Ice Dam

Many people know that ice dams can form on your roof with snow, but you may not know that you can get an ice dam without snow. Sleet, freezing rain, and even just rain in cold temperatures can cause ice dams, and these can be less obvious than ice dams caused by snow. When the freezing rain falls on your roof in cold temperatures, some of the rain will freeze on your roof, but most of it will run down your roof and collect and freeze on the eaves of your home (overhangs that extend beyond the walls of your home). The water may also pool and freeze around skylights, chimneys, valleys, gutters, or any other roof penetrations such as bathroom or kitchen vents. This will cause a buildup of ice called an ice dam. The ice itself is not the problem. The problem occurs when the water tries to run off your roof and hits the ice and pools. The water can then start to penetrate your shingles and get into your home. This can cause water damage inside your home.

Roof Leaks

Ice can turn existing roof problems into roof leaks. Lifted shingles, exposed nail heads, lifting nails, and improper flashing are all areas where water can start to penetrate your roof and leak into your home. You may already have these issues and are not aware because you don’t have an active leak yet. When water freezes in these areas of your roof in cold temperatures, it expands in volume. When ice expanding lifts shingle seals, the shingles will not reseal and will allow water to penetrate your roof. You may notice a leak right away, but often it will cause a problem that won’t be immediately visible. If you see water or ice coming out of your siding or soffit, the water has already penetrated the vapor barrier (roof underlayment) and it is only a matter of time before you start noticing leaks in your house.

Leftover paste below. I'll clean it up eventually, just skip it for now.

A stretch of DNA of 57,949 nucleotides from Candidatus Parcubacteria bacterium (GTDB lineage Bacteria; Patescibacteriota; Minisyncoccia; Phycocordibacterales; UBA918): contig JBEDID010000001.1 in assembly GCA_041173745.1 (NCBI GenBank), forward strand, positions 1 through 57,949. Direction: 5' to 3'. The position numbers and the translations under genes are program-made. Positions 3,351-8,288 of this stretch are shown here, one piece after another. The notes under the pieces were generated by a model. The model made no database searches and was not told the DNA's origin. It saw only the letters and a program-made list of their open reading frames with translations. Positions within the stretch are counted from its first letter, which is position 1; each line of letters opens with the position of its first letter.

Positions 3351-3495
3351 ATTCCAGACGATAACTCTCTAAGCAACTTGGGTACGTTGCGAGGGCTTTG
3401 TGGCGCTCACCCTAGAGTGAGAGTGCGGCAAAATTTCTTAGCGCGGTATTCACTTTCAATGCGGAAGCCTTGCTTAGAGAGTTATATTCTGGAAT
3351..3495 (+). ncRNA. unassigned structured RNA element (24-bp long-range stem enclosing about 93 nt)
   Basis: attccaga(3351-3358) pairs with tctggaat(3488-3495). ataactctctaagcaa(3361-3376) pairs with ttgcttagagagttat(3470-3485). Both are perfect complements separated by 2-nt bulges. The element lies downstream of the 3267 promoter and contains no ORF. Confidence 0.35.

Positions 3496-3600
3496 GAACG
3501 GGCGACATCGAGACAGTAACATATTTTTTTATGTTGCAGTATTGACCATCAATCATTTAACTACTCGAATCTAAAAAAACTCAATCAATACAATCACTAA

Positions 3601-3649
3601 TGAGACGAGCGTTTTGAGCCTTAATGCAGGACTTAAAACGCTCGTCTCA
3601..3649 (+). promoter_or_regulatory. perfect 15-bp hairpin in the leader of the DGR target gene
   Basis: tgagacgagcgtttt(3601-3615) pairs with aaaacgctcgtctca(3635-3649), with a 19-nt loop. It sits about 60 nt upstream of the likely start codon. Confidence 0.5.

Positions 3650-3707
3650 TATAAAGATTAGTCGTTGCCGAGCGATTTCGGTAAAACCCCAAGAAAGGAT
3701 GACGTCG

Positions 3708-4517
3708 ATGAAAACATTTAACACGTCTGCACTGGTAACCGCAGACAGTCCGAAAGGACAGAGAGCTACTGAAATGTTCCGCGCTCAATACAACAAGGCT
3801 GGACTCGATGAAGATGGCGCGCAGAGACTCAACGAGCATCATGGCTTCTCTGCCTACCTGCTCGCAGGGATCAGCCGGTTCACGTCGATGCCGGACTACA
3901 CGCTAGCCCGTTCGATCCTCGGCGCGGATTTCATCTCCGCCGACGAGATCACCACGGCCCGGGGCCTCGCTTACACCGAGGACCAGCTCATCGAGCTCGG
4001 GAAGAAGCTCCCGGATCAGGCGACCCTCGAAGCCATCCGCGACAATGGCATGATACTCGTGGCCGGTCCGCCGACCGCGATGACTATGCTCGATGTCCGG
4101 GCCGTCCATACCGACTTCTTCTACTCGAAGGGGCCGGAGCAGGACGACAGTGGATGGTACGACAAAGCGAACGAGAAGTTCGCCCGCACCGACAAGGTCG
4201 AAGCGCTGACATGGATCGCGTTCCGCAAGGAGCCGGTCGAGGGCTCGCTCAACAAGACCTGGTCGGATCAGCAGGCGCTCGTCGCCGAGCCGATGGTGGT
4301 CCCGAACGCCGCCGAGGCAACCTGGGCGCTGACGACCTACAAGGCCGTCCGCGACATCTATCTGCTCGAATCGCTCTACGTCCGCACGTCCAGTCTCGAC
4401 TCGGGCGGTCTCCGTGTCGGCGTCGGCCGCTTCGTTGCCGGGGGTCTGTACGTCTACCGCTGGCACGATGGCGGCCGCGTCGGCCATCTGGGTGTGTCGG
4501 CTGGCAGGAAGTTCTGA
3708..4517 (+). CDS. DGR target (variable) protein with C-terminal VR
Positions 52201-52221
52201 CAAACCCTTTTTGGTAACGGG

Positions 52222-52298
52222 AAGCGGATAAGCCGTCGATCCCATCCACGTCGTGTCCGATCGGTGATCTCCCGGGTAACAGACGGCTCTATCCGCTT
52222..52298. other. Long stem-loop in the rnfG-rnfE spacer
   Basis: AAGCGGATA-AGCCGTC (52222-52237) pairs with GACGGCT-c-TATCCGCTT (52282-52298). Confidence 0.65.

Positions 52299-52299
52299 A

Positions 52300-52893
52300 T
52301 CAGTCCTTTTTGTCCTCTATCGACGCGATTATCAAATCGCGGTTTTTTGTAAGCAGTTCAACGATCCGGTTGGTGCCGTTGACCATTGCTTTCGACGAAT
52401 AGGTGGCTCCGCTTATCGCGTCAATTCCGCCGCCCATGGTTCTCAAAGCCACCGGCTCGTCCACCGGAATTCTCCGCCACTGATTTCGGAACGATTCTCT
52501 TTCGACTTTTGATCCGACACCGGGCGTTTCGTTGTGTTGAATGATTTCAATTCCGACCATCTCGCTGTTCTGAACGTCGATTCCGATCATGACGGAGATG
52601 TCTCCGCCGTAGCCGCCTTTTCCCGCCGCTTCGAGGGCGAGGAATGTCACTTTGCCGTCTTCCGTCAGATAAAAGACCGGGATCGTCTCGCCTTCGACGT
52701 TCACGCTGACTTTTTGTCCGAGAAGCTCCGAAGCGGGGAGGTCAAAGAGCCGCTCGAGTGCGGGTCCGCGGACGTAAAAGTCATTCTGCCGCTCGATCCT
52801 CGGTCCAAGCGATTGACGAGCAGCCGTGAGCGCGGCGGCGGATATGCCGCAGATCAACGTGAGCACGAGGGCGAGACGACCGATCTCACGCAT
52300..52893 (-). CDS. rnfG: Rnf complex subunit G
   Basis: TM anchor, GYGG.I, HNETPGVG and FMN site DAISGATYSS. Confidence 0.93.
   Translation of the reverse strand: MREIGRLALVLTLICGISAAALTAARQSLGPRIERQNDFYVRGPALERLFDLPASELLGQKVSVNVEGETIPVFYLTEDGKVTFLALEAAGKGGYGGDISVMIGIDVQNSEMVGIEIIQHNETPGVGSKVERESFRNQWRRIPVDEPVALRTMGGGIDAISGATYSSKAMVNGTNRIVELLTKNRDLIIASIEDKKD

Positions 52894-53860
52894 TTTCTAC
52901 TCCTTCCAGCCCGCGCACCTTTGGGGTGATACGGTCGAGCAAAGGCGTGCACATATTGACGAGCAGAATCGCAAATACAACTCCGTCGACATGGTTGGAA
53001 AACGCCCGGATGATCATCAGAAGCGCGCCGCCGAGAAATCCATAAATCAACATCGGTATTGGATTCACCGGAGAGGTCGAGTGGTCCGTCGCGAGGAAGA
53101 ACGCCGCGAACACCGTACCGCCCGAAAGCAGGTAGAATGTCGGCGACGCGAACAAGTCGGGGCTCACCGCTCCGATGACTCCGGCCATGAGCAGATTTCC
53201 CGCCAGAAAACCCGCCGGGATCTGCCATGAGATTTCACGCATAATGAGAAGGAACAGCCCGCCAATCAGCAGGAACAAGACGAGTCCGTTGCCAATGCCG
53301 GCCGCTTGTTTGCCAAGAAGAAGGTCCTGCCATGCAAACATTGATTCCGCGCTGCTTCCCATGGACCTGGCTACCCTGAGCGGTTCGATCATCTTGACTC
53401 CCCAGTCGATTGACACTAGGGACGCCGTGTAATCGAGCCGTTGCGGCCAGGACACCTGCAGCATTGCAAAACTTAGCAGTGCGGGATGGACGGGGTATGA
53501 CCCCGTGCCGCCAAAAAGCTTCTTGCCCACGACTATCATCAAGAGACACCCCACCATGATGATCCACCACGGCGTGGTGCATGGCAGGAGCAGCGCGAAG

Water Penetration in Valleys

Since we do not often get this type of weather in central North Carolina, ice and water shield in the valleys is not required by building code. An ice and water shield is a waterproof membrane that is put in the valleys of a roof to protect your roof from ice and water damage. Many homes do not have this barrier and that will allow the water from ice dams to leak through the valleys into your home. Because at Harbeck Roofing & Remodeling we believe in superior construction at a fair price, we put an ice and water shield in all of our valleys at no extra charge. Many new construction homes will not have this in the valleys, so even new roofs can have leaks or damage from one winter storm.

Gutter Damage

When water freezes in your gutters, it expands and can cause gutters and downspouts to crack. The weight of the ice in your gutters can also cause gutters to become loose or detach from your home completely.